Due to the COVID-19 pandemic and a record number of recent orders, ARRL is currently experiencing delays in the fulfillment of orders. Combined with excessive demands on many shipping carriers, our members and customers should expect a 1 – 3 week delay in the delivery of their orders over the next few weeks. State of Connecticut safety requirements limit the number of employees allowed within the warehouse at one time to ensure their health and safety, further contributing to the fulfillment slowdown. Warehouse personnel are utilizing all available resources to get customers their products as quickly as possible and anticipate that the standard 3 – 7 day US delivery time will be restored sometime in June, once the state mandate has relaxed. ARRL remains committed to making sure that all customers get their orders as quickly as possible. We greatly appreciate everyone’s patience and understanding during this time and thank you for your continued support of amateur radio and ARRL.
The transponder on HuskySat-1 has been activated and is open for use and testing, AMSAT Vice President – Operations Drew Glasbrenner, KO4MA, reports. “It’s fairly sensitive, and 5 – 10 W is plenty most of the time. There are some fades due to satellite orientation, and some passes are definitely better than others. Strong signals may impact the beacon strength.” HuskySat-1 is the first CubeSat from the Husky Satellite Lab at the University of Washington and the first mission with AMSAT’s linear transponder module (LTM-1), a V/u transponder and integrated telemetry beacon and command receiver. University researchers recently completed their Part 5 (Experimental) operations and have opened up the amateur radio transponder, which is available for use in educational CubeSat missions that are willing to enable the transponder for worldwide use. The HuskySat-1 V/u transponder is inverting, with an uplink passband of 145.910 – 145.940 MHz, and a downlink passband of 435.810 – 435.840 MHz. The 1200-baud BPSK telemetry beacon is at 435.800 MHz.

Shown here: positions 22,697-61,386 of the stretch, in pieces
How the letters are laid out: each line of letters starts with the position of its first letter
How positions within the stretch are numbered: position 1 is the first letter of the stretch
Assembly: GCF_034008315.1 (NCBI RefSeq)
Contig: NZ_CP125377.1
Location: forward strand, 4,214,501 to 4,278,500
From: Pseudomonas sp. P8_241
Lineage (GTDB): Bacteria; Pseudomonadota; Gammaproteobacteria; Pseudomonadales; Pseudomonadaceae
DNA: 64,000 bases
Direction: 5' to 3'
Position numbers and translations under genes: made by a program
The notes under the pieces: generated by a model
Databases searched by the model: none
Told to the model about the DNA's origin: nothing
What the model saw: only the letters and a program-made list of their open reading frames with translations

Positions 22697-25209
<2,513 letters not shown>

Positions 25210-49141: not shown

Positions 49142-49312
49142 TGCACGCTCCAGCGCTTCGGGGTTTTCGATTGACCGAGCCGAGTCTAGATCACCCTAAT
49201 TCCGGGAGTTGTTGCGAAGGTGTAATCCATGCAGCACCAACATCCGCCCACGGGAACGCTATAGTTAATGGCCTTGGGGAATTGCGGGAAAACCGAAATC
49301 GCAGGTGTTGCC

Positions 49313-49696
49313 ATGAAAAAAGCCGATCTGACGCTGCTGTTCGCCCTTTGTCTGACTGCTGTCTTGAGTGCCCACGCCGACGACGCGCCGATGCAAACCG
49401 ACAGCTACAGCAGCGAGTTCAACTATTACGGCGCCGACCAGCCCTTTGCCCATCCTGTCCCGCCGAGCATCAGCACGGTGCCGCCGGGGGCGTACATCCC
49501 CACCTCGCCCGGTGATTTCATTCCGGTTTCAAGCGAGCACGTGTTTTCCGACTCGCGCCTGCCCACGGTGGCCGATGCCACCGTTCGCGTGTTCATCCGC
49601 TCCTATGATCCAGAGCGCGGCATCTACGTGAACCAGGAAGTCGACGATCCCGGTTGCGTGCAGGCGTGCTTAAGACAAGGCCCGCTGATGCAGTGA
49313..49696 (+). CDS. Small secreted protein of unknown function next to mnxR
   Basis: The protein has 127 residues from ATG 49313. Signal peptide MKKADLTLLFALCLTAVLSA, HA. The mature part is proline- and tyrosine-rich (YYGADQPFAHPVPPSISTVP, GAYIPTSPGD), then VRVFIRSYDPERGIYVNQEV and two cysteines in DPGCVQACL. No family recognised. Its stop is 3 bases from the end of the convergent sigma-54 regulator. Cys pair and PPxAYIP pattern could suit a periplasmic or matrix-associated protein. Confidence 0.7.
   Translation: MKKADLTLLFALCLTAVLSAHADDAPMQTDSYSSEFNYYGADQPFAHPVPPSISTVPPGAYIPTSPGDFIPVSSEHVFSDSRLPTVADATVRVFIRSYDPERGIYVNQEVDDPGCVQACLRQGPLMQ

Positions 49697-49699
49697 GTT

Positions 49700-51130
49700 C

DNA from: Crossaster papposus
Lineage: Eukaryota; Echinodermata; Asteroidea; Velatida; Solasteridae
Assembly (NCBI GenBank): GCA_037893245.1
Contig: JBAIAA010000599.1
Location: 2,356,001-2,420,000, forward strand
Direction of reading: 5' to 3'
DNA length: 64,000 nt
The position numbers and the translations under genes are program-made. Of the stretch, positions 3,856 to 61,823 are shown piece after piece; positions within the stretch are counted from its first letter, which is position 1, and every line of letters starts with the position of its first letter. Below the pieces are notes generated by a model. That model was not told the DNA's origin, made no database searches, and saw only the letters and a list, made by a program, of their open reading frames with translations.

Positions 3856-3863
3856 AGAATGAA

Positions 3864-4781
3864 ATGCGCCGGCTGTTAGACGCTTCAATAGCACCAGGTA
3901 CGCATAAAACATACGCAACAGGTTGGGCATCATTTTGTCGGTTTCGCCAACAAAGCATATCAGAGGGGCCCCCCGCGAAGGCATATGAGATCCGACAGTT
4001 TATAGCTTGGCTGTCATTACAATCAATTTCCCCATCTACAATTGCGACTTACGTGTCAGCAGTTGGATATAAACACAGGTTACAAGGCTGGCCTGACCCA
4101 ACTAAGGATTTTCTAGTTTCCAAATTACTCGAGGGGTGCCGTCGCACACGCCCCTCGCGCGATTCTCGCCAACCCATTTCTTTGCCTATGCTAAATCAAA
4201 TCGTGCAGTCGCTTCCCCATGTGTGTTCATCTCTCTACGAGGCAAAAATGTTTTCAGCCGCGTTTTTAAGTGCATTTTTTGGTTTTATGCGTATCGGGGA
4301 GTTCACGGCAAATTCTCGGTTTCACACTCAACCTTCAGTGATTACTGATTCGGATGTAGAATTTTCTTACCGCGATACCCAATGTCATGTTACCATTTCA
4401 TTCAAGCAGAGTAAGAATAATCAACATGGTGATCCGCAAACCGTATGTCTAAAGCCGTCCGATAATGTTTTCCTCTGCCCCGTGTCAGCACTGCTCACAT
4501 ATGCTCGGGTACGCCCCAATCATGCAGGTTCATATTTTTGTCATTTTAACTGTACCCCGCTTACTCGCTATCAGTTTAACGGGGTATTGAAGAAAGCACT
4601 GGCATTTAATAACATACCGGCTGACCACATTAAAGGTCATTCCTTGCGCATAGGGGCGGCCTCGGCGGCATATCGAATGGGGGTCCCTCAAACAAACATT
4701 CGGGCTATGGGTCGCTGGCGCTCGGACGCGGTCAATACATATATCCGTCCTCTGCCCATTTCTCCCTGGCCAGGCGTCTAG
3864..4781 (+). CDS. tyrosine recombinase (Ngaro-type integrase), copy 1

Upcoming ARRL Section, State, and Division Conventions
Note: Many conventions and hamfests have been canceled or postponed due to the coronavirus pandemic. Check the calendar of canceled events on the ARRL website.
Find conventions and hamfests in your area.
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Aloha es 73 de Russell Roberts (KH6JRM)
Public Information Coordinator
Hawaii County, ARRL Pacific Section